WWII veteran receives medals six decades later

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Joe Hoppe chose not to accept any of the service awards waiting for him when he was honorably discharged from the Navy after World War II. He simply began his new life as a baker and a family man in Chicago.

He didn’t want the awards for serving in the European and Pacific theaters because he believed medals belonged instead to men like his brother and his two best friends who died in the war.

But Monday, 69 years after he left the Navy, the 91-year-old Hoppe received his medals from Sen. Dick Durbin at a Northwest Side assisted living facility where Hoppe lives.

“Now I realize that by not accepting those medals you’re really belittling what these other people have done, to have given the ultimate sacrifice to our country,” said Hoppe, who spoke before a room full of other residents.

“We are the last of the G.I. Joes,” Hoppe said. “There are thousands of us dying every day, but we deserved to be recognized and we deserve to recognize all our fellow veterans. That’s why I am accepting these medals today and I’m sorry I didn’t accept them many years ago.”

Hoppe asked for Durbin’s help in retrieving the medals last year when Durbin attended an event at the Autumn Green center.

“I’ve never run into a more humble man who said: ‘With so many of my friends who lost their lives in World War II, I felt like I didn’t deserve a medal. Well, he did,” Durbin said. It took about six months to obtain the medals.

Hoppe was 17 when he joined the Navy. He and his two best friends made a pact to join the Navy because it was the only branch of the military that took 17-year-olds, as long as they had the permission of their parents.

“I was never really concerned about our country. I think I live in the greatest country in the world. I was concerned about what was going on in other parts of the world,” Hoppe recalled.

Hoppe said he would go to movies and see news clips that showed entire blocks of buildings in London on fire because of German bombing campaigns.

Hoppe, a petty officer first class, was a baker aboard the USS Wichita, a heavy cruiser, and later served aboard an attack transport ship. He received the Navy Good Conduct Medal, World War II Victory Medal, American Campaign Medal, the Asiatic Pacific Campaign Medal and the European-African-Middle Eastern Campaign Medal.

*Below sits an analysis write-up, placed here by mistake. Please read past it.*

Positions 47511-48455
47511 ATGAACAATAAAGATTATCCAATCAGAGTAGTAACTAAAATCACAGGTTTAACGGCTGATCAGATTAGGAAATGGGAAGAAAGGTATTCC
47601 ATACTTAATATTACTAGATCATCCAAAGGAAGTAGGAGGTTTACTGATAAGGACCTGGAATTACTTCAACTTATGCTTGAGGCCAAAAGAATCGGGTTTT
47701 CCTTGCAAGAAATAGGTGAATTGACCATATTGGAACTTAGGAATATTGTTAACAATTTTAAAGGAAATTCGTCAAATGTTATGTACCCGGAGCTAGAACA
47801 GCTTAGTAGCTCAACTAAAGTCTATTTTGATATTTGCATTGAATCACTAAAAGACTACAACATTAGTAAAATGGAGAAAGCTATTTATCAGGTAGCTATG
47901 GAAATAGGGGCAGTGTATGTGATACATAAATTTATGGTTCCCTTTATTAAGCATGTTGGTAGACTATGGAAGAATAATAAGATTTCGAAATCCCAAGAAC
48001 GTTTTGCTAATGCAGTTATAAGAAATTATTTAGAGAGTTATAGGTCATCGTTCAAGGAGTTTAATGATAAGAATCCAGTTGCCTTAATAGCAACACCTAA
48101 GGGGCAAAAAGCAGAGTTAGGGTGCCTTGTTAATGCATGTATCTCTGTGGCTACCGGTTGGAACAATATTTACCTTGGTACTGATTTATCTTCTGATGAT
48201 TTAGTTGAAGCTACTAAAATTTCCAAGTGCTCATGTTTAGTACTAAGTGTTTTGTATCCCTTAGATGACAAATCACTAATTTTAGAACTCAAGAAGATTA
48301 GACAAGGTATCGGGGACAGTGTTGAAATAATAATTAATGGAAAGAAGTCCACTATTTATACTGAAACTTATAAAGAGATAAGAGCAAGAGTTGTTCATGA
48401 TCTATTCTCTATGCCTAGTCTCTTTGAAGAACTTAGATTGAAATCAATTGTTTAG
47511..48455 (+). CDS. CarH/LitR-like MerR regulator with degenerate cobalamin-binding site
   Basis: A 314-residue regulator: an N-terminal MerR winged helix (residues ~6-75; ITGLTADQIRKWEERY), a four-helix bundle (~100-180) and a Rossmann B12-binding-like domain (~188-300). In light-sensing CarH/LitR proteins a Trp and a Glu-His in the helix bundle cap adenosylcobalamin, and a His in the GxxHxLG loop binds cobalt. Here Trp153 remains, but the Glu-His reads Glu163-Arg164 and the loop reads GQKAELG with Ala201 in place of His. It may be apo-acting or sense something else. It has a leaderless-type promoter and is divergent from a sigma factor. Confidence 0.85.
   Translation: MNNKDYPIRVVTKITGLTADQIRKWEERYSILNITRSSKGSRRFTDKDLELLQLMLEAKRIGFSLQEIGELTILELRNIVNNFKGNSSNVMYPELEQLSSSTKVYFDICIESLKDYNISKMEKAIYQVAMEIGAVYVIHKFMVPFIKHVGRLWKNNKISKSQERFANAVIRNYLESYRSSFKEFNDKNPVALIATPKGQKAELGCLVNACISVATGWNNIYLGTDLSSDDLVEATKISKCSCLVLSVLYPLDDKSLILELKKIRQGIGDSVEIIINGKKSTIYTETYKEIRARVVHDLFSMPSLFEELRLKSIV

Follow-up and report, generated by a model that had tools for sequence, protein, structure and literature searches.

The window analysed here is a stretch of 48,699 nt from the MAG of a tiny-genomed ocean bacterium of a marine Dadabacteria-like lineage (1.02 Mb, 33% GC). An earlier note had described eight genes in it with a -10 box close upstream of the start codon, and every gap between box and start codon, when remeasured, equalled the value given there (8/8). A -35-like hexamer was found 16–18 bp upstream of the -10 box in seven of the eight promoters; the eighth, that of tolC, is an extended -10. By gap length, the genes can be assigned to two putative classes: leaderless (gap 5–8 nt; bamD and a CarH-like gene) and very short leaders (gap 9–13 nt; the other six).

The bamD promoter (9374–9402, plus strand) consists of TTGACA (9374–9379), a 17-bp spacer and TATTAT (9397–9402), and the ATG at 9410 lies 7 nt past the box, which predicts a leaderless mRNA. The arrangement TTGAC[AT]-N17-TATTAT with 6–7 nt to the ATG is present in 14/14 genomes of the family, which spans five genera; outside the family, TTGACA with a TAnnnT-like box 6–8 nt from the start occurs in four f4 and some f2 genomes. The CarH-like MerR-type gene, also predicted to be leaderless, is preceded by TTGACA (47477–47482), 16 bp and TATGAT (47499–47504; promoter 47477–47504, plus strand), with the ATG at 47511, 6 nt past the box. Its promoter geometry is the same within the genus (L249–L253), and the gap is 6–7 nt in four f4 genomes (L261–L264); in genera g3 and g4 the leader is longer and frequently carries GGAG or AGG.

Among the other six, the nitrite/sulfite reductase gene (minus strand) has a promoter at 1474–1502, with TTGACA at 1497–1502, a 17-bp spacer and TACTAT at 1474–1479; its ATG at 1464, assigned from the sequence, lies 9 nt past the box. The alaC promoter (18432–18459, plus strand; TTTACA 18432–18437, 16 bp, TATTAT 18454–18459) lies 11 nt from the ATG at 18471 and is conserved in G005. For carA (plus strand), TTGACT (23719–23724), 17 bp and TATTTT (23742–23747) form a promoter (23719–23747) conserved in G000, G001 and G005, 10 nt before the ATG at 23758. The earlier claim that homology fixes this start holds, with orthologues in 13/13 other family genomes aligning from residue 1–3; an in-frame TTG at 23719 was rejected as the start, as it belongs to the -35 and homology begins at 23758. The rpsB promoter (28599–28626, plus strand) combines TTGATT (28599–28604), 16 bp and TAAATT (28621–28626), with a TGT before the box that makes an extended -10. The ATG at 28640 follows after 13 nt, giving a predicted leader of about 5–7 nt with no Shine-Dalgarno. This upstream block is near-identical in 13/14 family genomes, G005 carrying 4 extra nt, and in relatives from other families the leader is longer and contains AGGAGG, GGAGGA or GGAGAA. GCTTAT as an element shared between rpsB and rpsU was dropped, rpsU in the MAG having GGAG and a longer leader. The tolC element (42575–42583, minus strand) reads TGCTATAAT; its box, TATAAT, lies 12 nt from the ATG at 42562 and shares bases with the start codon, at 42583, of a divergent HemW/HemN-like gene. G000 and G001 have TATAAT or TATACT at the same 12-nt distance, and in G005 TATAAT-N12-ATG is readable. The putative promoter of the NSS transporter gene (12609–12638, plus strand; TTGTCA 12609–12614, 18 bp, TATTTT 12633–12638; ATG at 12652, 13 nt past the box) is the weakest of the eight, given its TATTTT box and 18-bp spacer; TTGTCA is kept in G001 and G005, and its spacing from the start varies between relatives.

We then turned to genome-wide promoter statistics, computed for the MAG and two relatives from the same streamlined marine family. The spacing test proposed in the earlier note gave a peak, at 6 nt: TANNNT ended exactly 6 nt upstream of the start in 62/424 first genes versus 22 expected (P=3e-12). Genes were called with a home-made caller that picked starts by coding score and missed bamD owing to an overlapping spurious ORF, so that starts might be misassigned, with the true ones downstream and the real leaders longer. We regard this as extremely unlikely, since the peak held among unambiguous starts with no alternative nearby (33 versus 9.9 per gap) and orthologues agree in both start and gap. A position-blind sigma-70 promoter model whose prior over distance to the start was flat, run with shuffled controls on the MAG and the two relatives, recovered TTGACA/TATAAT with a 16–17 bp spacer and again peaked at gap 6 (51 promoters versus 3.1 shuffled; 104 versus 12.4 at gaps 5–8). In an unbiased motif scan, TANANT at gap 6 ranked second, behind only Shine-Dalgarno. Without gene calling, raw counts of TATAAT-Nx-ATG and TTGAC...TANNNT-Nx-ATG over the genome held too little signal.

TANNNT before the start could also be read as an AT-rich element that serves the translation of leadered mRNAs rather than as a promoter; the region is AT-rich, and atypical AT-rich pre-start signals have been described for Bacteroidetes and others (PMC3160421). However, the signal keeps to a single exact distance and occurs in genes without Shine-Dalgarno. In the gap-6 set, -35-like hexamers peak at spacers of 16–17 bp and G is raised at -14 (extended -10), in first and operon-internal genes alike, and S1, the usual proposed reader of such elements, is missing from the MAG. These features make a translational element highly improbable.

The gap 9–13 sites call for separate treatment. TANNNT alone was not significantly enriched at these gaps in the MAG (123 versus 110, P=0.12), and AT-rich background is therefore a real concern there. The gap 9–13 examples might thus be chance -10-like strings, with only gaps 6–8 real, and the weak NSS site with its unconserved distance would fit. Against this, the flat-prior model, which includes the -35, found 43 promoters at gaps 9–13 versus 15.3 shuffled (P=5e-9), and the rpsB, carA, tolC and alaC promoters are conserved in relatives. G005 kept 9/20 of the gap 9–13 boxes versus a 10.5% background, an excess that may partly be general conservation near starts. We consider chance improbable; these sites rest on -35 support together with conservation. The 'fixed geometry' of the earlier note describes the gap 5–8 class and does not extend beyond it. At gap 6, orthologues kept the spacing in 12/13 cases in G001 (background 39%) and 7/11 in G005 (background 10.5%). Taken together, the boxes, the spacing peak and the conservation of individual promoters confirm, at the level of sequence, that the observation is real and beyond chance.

He said his father was reluctant to let him join the Navy.

“My dad served in WWI and had a plate in his head and had seen hand-to-hand combat and he told us: ‘You kids don’t have any idea what you’re getting into,’ ” Hoppe recalled.

His father sent the boys to a veterans hospital in Wisconsin, where they visited a veteran who had no arms or legs.

“It didn’t deter us at all,” said Hoppe, who had a pen pal courtship during the war with his future wife, Charlotte. She died in 2011.

Joe Hoppe and his future wife, Charlotte. | Supplied photo

Hoppe’s daughter, Alison Young, flew in from California to attend the event.

“I was just very happy he had the chance to say what he wanted,” she said. He was concerned the people who served in World War II were being forgotten. I am very proud of him.”

After the event, Durbin took answered several questions.

Durbin described said his relationship with Hillary Clinton after he endorsed Barack Obama instead of her for president in 2007 was “a little testy for a little while, and that’s understandable.

“I think Hillary Clinton would be an extraordinary president,” Durbin said. “I can’t think of anyone better to lead this nation . . . The times for official endorsements will come later.”

Does he see any other Democrat who can challenge Clinton?

“It will be tough, but not impossible. She can’t take anything for granted,” Durbin said. “She has to put together a good campaign and, most importantly, a good strong message about why her selection as president can make a difference.”

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